- Potable water in warm months
- Vault toilets
- Boat launch (non-motorized only)
- Campsite fire ring/grill and picnic table
- Pets on leash welcome
Remember with these amenities, you’ll need to bring your own matches and or a lighter for the fire.
Any motorized OHV must remain on campground roads, and no horses are allowed inside the campground.
There’s also one Snowy Mountain lodge or cabin to rent near the campground if you don’t have a recreational vehicle or tent camping gear.
2. Kiwanis Club Campground
Campsites: 28 for Tents or RVs – dry camping only
Open for Camping: Year round, when accessible
Reservations: First-come, first-served
Nightly Fee: Free – but please leave a donation to help maintain the property
The Kiwanis Campground and Rest Area is an excellent choice for rustic RV parking or tent camping near the Snowy Mountains. The grassy “free-range” campsites are spacious, with clean restrooms and well-kept landscaping.
You can easily restock supplies at a small store across the street. A ten-day maximum limit per stay, but you can leave for 24 hours and return if a spot is available.
The location is right off the US HWY 191, next to a small airport, but the noise from the roadway or planes is minor.
- Water spigot available
- Restrooms with flush toilets
- Covered picnic areas
3. Timber Creek Dispersed Campground
Campsites: 4 Tent or RV sites – dry camping only, no hookups, water, or electric
Open for Camping: Year-round when accessible
Reservations: First-come, first-served
Nightly Fee: Free
The campsites at the Timber Creek Dispersed Campground are within the Lewis and Clark National Forest and are accessible down a mixed-use dirt road. Hauling in a large RV may cause issues, so stick to smaller motorhomes or trailers with good clearance.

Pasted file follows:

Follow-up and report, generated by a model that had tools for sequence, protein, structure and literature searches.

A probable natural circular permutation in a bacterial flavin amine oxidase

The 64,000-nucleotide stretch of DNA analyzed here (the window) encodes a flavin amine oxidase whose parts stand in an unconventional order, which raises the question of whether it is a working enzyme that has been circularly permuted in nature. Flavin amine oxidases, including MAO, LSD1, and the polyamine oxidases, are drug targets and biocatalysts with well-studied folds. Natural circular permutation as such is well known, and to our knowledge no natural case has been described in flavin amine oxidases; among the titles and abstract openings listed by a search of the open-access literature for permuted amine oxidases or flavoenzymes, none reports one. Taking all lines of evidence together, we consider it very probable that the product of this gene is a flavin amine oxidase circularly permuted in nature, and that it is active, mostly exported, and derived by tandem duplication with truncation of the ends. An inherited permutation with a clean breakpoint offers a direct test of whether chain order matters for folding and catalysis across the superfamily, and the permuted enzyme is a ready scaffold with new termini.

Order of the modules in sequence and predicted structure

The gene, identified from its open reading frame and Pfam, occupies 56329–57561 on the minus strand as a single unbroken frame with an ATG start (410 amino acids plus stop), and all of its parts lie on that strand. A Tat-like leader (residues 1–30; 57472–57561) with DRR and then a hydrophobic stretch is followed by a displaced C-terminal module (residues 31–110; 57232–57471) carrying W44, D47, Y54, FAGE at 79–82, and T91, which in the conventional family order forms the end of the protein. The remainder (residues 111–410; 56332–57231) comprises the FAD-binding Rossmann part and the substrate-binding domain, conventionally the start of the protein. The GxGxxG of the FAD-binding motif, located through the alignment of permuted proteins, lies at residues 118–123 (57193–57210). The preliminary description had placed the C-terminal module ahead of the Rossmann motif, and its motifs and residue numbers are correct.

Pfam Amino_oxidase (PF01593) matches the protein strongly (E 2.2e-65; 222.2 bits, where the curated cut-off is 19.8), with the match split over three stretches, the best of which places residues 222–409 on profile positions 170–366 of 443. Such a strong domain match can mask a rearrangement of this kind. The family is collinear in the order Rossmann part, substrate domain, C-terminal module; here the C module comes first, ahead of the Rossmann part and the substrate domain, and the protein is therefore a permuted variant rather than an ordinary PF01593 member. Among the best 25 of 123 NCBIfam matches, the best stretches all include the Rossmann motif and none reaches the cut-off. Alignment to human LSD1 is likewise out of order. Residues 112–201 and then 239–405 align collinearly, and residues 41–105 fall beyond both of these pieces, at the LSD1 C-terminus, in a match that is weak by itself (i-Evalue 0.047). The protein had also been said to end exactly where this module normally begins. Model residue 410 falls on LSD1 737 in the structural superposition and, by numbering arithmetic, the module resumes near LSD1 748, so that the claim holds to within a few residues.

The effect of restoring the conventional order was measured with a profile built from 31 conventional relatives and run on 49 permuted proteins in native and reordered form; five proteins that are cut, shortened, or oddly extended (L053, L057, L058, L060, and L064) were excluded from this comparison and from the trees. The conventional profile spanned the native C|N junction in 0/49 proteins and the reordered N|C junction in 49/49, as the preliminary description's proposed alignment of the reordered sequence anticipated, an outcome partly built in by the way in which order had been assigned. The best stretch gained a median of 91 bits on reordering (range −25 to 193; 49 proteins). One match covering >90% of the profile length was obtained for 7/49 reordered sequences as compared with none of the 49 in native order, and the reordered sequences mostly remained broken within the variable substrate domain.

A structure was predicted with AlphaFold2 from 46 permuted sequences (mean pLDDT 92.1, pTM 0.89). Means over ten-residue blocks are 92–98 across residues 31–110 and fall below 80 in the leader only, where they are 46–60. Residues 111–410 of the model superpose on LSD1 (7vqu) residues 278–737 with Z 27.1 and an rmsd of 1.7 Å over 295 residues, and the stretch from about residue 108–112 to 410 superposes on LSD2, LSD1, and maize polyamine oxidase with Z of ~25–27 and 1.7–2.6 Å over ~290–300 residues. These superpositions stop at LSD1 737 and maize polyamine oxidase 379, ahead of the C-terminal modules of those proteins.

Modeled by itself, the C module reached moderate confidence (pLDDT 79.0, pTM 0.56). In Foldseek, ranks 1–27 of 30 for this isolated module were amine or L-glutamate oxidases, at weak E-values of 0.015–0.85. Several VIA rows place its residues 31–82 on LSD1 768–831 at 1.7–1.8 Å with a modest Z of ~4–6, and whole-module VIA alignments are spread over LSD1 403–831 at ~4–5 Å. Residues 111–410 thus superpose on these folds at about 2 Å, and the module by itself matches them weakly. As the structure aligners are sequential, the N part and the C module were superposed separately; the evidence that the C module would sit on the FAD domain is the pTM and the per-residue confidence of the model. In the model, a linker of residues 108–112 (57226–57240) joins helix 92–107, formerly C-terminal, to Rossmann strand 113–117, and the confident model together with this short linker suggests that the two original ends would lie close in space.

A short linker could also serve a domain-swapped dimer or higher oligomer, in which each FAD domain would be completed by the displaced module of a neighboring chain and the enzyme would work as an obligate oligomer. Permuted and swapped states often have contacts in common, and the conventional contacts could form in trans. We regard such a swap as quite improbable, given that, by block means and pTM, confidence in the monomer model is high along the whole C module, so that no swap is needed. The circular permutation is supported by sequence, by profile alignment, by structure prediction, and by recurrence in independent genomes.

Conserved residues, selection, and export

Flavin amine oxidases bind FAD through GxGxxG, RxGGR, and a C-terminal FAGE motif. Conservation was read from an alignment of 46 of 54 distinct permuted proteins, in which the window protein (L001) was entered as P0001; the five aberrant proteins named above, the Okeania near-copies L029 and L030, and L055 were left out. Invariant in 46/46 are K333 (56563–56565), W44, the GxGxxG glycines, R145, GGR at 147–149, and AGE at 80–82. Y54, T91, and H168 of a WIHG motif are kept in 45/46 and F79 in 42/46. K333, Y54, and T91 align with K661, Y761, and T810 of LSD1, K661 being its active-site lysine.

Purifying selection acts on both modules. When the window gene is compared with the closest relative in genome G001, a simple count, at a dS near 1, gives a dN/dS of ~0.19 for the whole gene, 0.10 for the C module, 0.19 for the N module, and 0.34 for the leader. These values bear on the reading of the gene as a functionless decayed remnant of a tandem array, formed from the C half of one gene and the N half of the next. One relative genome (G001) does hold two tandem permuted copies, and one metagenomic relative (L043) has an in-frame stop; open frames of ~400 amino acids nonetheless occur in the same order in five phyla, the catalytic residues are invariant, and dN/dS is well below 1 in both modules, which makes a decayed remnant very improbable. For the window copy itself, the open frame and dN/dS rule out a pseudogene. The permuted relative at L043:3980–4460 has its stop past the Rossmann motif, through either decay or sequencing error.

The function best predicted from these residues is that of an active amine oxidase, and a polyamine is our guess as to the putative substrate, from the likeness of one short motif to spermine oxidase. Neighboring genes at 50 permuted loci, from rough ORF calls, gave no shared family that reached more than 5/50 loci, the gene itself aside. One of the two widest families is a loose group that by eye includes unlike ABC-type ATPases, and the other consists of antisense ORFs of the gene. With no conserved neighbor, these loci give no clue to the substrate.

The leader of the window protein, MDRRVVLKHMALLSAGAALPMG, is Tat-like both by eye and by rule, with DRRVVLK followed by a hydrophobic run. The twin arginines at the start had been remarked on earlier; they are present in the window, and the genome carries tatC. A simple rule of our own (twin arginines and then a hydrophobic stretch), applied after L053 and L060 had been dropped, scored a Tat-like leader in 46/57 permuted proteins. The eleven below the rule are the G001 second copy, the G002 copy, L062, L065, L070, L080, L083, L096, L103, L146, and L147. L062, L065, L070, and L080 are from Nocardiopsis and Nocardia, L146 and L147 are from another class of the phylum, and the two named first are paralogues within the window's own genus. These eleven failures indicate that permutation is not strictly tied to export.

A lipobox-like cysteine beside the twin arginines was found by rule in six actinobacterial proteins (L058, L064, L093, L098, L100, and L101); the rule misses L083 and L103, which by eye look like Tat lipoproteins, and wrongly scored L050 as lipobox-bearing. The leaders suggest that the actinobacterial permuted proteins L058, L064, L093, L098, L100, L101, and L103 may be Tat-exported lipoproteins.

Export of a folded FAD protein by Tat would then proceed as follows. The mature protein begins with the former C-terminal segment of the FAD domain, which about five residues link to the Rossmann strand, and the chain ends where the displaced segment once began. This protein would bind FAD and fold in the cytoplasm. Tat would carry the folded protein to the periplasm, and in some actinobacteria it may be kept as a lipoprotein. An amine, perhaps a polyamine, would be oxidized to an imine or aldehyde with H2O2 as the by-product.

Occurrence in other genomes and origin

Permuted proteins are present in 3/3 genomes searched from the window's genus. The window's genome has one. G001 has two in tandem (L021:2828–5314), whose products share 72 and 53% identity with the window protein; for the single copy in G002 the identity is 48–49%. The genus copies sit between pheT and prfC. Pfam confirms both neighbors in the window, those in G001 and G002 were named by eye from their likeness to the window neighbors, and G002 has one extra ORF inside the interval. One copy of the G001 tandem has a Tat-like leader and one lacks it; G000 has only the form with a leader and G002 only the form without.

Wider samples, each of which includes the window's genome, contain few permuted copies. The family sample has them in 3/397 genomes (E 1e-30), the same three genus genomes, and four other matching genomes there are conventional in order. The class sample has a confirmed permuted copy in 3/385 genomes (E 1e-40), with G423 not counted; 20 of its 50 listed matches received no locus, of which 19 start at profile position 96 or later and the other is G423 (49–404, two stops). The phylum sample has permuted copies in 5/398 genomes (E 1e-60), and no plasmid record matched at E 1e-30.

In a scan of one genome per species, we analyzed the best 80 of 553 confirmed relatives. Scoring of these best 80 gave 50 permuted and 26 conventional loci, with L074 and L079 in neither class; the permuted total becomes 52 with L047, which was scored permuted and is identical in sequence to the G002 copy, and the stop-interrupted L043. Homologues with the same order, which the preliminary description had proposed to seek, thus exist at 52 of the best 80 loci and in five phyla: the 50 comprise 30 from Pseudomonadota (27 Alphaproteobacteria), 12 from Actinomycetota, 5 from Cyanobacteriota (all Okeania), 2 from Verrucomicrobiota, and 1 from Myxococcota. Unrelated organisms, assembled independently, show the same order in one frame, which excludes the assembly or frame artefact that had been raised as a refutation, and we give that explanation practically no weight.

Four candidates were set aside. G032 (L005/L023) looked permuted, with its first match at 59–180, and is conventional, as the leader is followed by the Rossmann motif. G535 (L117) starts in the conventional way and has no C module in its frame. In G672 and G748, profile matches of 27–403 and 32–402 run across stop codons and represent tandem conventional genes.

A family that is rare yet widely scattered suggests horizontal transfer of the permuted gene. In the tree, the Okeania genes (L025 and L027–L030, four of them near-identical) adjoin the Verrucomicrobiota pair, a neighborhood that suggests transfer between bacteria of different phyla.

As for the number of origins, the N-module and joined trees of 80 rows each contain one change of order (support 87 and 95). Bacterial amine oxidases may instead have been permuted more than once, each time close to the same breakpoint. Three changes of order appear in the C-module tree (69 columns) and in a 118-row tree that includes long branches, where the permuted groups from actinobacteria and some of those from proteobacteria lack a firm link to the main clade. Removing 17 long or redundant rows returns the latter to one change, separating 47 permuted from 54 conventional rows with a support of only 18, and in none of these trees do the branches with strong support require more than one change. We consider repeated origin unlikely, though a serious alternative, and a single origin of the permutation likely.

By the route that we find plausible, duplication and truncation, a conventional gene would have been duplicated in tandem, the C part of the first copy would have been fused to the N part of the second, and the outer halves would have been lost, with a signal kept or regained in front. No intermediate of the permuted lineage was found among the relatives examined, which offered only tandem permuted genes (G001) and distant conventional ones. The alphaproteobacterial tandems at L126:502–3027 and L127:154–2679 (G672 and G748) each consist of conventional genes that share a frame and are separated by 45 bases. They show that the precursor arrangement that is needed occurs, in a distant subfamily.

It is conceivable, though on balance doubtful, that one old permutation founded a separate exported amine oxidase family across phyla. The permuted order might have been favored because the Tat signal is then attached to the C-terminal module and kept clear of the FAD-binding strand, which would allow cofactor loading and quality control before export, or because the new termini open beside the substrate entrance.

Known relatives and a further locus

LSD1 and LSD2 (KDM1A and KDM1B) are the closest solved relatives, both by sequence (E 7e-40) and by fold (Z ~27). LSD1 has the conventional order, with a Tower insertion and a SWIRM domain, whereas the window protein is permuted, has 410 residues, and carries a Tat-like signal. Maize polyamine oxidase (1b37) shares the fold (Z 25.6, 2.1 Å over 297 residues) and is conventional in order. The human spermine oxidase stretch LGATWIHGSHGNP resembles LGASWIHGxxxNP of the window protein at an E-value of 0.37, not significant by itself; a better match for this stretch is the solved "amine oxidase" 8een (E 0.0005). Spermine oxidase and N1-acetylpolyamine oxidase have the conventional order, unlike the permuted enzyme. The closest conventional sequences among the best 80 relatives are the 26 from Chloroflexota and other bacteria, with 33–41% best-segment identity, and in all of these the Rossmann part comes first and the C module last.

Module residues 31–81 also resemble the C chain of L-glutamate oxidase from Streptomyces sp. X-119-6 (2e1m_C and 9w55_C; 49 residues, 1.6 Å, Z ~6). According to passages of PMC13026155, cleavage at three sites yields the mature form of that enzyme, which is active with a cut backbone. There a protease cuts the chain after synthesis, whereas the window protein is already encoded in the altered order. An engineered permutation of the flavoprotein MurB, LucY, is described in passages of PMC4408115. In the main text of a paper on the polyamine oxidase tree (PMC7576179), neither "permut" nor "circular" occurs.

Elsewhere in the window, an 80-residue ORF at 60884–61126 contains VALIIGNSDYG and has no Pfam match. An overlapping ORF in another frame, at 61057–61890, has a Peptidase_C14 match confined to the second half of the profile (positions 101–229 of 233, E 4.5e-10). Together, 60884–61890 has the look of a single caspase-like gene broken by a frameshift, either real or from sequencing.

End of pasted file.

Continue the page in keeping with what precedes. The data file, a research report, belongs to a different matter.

The campsites are large and set next to the serene running water of Timber Creek in a wooded area, with beautiful views in all directions. You can fish for your lunch or dinner from the creek and spend countless hours exploring the surrounding forest and open meadows by foot or bicycle or take a spin on your ATV on designated trails.
- Campfires allowed
- Some picnic tables and fire rings
- Vault toilet
Safety and Packing Tips for Camping Snowy Mountain
While this area is known for its abundant wild turkey population, it’s also home to black bears, grizzly bears, elk, moose, goats, bald and golden eagles, and more. Running into the larger mammals, such as bears and elk, can make encounters dangerous or even deadly, especially during mating or birthing season.
Most camping regulations include proper food storage (see below) and packing all your supplies and trash in and out.
Food Storage Rules:
- Inside a hard-sided camper or horse trailer
- Inside a vehicle trunk
- Inside an approved bear-resistant container
- Suspended from trees – 10 feet above ground/4 feet minimum away from vertical support/trunk
Don’t forget to pack a wide-brim hat and sunscreen to combat the harsher sun at higher elevations, no matter what month you visit.
Carry a whistle, pepper spray, or other deterrents to distract any animal that appears aggressive. Otherwise, slowly back away and head in the opposite direction if you feel in danger.
Remember to keep your campsite as clean of debris and food as possible. If you can’t store food in a safe container close to your RV or tent, hang the items 100 yards from your campsite to deter animal attacks. Also, quickly wash up items after cooking/eating to remove scents that may draw animals near.
Snowy Mountain Camping Wrap Up
If you want a more serene camping get-away, far from crowded hiking trails and natural wonders, give the Snowy Mountains in Montana a try. With affordable camping rates at the Crystal Lake campground, you’ll be in the heart of the scenery and activities.
If you love free boondock campsites when you RV, tent camp, or car camp, there are numerous dispersed or semi-rustic campsites inside and outside the National Forest lands.
With thousands of acres of unspoiled landscape to explore at Big and Little Snowy Mountain, you’ll have a memorable camping experience unlike any other!